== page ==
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NYC Buses: Time for a Turnaround

New Yorkers take 2.5 million rides on the city’s buses every day. While NYC’s buses provide essential transit, especially in areas beyond the reach of the subway, they are among the nation’s slowest and least reliable.

Now a coalition of transit advocates are promoting practical strategies to improve the performance of NYC buses systemwide.

Transit advocates knew something was wrong when they observed declining bus ridership despite increasing population, a growing economy, and record-high subway ridership. To figure out what could be done about it, they spoke to industry experts and researched successful efforts in peer cities to identify common sense solutions to NYC’s bus problems. This research is summarized in their report “Turnaround: Fixing New York City’s Buses”.

The bus system faces big challenges, but these challenges have clear, proven solutions. By transforming how riders get on and off the bus, designing streets to prioritize buses, adopting better methods to keep buses on schedule, and redesigning the bus network and routes, policy makers in city government and the MTA can turn around the decline of the city’s buses and attract riders back to the system.

We’ll get to see how serious public officials are about tackling these problems on October 6, when the City Council transportation committee holds an oversight hearing on how to improve the quality of NYC bus service.

This Streetfilm was produced in partnership with TransitCenter, the second in a series of four films examining transit in American cities. If you enjoyed this one, check out the first film, “High Frequency: Why Houston is Back on the Bus.”

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DOT Moves Ahead With Redesign of Deadly Myrtle-Wyckoff Intersection

After a one-day trial in April, this block will soon be car-free year-round. Photo: David Meyer

DOT is moving ahead with a new plaza and safety improvements at the intersection of Myrtle Avenue, Wyckoff Avenue, and Palmetto Street on the border of Brooklyn and Queens, the Ridgewood Times reports, with work slated to start today. The project got a thumbs up from one of the neighboring community boards and a thumbs down from the other but has enjoyed strong support from local Council Member Antonio Reynoso throughout the process.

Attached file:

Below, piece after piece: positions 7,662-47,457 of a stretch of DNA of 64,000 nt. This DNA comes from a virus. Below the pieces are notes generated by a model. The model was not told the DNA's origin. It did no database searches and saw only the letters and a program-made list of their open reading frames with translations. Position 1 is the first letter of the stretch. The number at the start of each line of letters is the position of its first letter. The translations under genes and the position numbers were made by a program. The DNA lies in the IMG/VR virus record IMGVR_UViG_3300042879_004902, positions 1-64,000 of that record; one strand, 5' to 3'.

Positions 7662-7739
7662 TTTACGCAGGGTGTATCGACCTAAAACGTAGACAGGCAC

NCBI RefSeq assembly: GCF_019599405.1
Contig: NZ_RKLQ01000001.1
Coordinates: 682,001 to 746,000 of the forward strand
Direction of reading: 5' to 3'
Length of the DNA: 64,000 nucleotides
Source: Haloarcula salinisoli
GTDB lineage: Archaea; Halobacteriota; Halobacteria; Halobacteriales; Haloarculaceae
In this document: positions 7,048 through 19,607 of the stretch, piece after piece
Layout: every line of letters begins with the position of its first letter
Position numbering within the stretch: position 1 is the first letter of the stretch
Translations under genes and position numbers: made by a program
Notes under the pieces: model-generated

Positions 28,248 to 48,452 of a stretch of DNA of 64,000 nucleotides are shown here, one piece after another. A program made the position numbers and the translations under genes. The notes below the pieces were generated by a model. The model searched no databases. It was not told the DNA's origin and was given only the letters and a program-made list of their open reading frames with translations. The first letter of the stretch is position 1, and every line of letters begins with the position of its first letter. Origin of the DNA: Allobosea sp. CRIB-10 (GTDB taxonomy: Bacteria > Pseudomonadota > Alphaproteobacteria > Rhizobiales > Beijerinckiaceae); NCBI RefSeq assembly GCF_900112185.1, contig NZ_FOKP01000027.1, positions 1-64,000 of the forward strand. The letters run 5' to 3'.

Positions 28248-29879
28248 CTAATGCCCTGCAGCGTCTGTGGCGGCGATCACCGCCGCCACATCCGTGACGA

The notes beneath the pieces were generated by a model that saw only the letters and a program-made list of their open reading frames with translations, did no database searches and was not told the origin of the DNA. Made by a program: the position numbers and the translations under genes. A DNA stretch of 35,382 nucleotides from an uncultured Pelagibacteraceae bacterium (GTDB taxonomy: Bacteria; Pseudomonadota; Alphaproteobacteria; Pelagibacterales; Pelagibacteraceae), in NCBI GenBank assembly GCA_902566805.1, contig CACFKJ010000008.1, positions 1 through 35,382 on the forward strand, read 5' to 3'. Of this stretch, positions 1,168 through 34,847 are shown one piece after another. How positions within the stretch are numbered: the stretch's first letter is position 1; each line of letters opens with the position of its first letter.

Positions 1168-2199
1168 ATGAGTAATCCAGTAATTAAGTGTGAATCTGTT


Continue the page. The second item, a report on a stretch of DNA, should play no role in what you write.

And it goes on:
The Myrtle-Wyckoff transit hub is served by two subway lines and six bus routes and sees much more foot traffic than auto traffic. It’s also a six-spoke intersection with many turning conflicts. Motorists have killed three people there since 2009. In 2013, a turning MTA bus driver killed Ella Bandes in a crosswalk. DOT’s subsequent adjustments to reduce conflicts did not prevent another turning MTA bus driver from killing Edgar Torres the following year. Bandes’s parents, Judy Kottick and Ken Bandes, have repeatedly called on DOT to take stronger steps to save lives.

DOT’s redesign will convert one block of Wyckoff, between Myrtle and Gates Avenue, to a car-free space, making it safer for people to walk between the Myrtle-Wyckoff subway station and the Ridgewood Bus Terminal on Palmetto [PDF]. In addition to installing the plaza, DOT will extend sidewalks at corners, shortening crossing distances and slowing motorist turns. The potential for vehicle movements to conflict with pedestrian movements will be greatly reduced.

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DOT’s 5-Year Plan: Faster Buses, Smarter Parking, 5-Boro Citi Bike, Lots More

NYC DOT published a new strategic plan yesterday [PDF], marking the first time the agency has refreshed its guiding document under Mayor de Blasio and Commissioner Polly Trottenberg.

stratplanIn addition to synthesizing a lot of work that DOT has previously announced (pedestrian safety plans, Select Bus Service routes, a wider Brooklyn Bridge promenade), the update includes several new projects and initiatives. The big headline-grabber is a center-running two-way protected bike lane on Delancey Street connecting the Williamsburg Bridge and Allen Street, slated for next year.

Advocates have been calling to complete that missing link in the bike network for ages. With the L train shutdown coming up in 2019, time is of the essence to get a safe, high-capacity bikeway on Delancey to handle the swarms of people on bikes who’ll come over the bridge. The Delancey project is one of four bridge access projects DOT aims to complete in the next two years. Though DOT doesn’t name the other bridges in the plan, it says the projects in its Harlem River bridges initiative will be a priority.

There’s a mountain of other stuff in the strategic plan. While some of the goals should be more ambitious (10 miles of protected bike lanes per year isn’t enough in the Vision Zero era) and the benchmarks for success could be more specific (most timetables call for hitting key milestones either by 2017 or by 2021, the last year of a hypothetical second term for de Blasio), the ideas are solid.

In a way the document underscores the urgency of securing more funds and political backing from City Hall for DOT’s initiatives — given sufficient resources, DOT is going to put them to good use.

Here’s my compilation of new ideas and goals from DOT that I think Streetsblog readers will find especially interesting.

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De Blasio Doesn’t Need to Defend His Bike Policies, He Needs to Take Action

DOT will add 18 more miles of protected lanes to this map in 2016, but there's a lot of work left to do to create a cohesive citywide network of safe bike routes. Map: Jon Orcutt